Huge, capable, improves as it gets fuller. But smaller people may get swamped, or neck chafing from the strap when it's empty

Do you like to carry your life on your back? If so, the Chrome Metropolis might be for you. But small people beware...

A metropolis is a big place, the Chrome Metropolis is a big bag. A very big bag. That may be all you need to know. Do you need to carry a herd of small mammals wherever you go? Large amounts of farming equipment, perhaps? A barbecue, tongs, a keg of beer and a full wheel of wild boar sausage? Then this is the bag for you. On the other hand, if not, and you're not a courier, then I suspect this bag is too large to be absolutely necessary for everyday use.

Chrome's background making serious messenger bags is evident from the Metropolis. The construction is epically sturdy, and there are courier-friendly features including straps galore to secure things to the bag and to stop it from rotating when full, as well as a Velcro panel upon which to affix a radio holster. Chrome's signature bag-within-a-bag construction keeps the main load compartment from ever touching the outer walls. This inner is made from heavy-duty truck tarpaulin liner, which is suspended inside the tough Cordura outer shell. It means that with the flap properly secured it's absolutely rain-proof. One reviewer on the Chrome website had used their bag as a portable cooler for beer and ice at a party. And if it can hold the water in...

Yet the Metropolis is not part of Chrome's professional range, which has bags that are more than 25% larger than this one (up to 52 litres compared with this bag's 40). So what, as a non-courier, would you use this for? As a town bag, it will work for those days when you absolutely, positively, have to take your large laptop, a change of clothes (or two), notepads and library books out on the bike - and then stop off at the supermarket on the way home. I used it as a capacious weekend bag for getting out of town, and also to hold everything except my cycling clothes, helmet and bottles when I went abroad on a week's training camp. And by that I mean clothes, books, bars, powdered drink and more. On the Chrome website are some pretty funny lists of how much users have managed to cram in. Pocket layout is unsophisticated, but that's not necessarily a problem: there's the main compartment and two smaller ones inside the lining, which I used for drinks, tools and lights; then there's a zipped valuables compartment on the front of the bag, some space for pens, and odds and sods. There's also a stash pocket (unadvertised), for super-sneaky items, though I'll be dashed if I can remember where it is.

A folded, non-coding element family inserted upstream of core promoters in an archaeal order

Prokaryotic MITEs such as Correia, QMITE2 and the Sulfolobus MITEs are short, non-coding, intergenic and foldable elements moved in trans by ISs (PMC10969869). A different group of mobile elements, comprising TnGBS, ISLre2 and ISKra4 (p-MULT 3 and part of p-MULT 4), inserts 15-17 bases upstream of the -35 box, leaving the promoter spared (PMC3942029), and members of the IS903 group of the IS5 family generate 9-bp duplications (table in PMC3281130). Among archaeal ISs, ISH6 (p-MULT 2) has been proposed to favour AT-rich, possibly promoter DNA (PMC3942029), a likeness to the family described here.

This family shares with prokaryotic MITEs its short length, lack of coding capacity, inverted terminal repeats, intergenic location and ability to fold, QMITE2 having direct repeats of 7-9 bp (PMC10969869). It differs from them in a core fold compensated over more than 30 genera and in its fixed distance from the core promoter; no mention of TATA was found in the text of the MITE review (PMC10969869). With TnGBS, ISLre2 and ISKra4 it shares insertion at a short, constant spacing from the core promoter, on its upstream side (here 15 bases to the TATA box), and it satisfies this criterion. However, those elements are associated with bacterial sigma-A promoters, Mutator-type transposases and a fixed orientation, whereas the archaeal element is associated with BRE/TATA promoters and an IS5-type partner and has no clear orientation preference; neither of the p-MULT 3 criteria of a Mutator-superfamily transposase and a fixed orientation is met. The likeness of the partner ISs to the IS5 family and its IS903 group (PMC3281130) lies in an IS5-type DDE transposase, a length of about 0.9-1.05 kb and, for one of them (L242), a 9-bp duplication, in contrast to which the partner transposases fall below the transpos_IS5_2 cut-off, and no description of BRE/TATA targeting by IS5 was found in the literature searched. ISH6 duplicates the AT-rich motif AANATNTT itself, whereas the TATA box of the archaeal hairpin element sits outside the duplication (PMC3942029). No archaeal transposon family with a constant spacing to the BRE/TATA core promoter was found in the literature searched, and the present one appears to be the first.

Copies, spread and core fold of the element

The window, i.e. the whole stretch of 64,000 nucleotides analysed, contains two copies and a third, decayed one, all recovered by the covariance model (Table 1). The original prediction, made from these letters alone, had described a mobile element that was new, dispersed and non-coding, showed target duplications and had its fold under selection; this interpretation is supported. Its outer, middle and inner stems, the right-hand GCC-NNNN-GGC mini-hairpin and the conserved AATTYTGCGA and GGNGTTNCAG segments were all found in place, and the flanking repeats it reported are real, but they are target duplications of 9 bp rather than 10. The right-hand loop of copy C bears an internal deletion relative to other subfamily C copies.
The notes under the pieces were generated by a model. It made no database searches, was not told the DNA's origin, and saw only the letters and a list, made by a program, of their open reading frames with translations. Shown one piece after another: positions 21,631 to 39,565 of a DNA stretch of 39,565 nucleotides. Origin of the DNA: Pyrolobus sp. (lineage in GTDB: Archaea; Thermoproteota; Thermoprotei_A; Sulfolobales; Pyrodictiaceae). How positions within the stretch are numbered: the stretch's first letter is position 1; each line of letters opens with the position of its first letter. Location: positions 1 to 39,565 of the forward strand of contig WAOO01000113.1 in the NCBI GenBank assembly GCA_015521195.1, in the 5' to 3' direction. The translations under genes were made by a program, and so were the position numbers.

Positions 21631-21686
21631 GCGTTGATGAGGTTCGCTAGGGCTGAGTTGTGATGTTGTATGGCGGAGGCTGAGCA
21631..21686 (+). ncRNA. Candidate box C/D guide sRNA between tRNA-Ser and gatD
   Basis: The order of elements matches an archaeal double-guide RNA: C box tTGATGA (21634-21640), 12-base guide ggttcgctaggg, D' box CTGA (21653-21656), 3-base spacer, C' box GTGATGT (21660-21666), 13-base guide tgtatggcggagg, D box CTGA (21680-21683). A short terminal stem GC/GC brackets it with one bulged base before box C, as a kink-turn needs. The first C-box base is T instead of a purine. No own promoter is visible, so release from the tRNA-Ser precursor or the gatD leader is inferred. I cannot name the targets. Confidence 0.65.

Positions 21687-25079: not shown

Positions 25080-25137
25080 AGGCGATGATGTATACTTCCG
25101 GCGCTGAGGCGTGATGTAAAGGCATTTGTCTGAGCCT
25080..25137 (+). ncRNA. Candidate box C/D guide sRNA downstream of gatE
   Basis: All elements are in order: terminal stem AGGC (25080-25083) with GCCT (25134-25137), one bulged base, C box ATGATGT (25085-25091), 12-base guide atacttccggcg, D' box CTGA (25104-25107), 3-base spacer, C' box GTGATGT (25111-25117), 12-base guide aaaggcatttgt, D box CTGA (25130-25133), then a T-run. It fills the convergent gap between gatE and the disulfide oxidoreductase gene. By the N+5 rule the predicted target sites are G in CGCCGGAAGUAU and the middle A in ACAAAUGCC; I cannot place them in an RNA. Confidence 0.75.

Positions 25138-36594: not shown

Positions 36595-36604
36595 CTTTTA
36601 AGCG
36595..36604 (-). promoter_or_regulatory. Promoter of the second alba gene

The bag does have a few downsides. Though the strap is nicely padded, the back of the bag isn't: if you have awkward items, it takes some creative packing for them not to dig into your back. Most importantly, though, if you're not a large person (short, or just skinny), it may not fit that well when not very full - it's difficult to shorten the strap sufficiently for it to sit securely. This is a problem with all large courier bags: in order for them to be comfy under load, the padded portion of the strap has to be fairly long, with said consequences for the slender of chest. However, this improves as the bag fills up and fills out. The other problem I found was that when it was relatively empty, it sat high on my shoulder, causing the strap to rub my neck. Again, this disappeared when it was more full. So I suppose the lesson is: if you don't have much stuff, take a smaller bag.


Huge, capable, improves as it gets fuller. But smaller people may get swamped, or neck chafing from the strap when it's empty.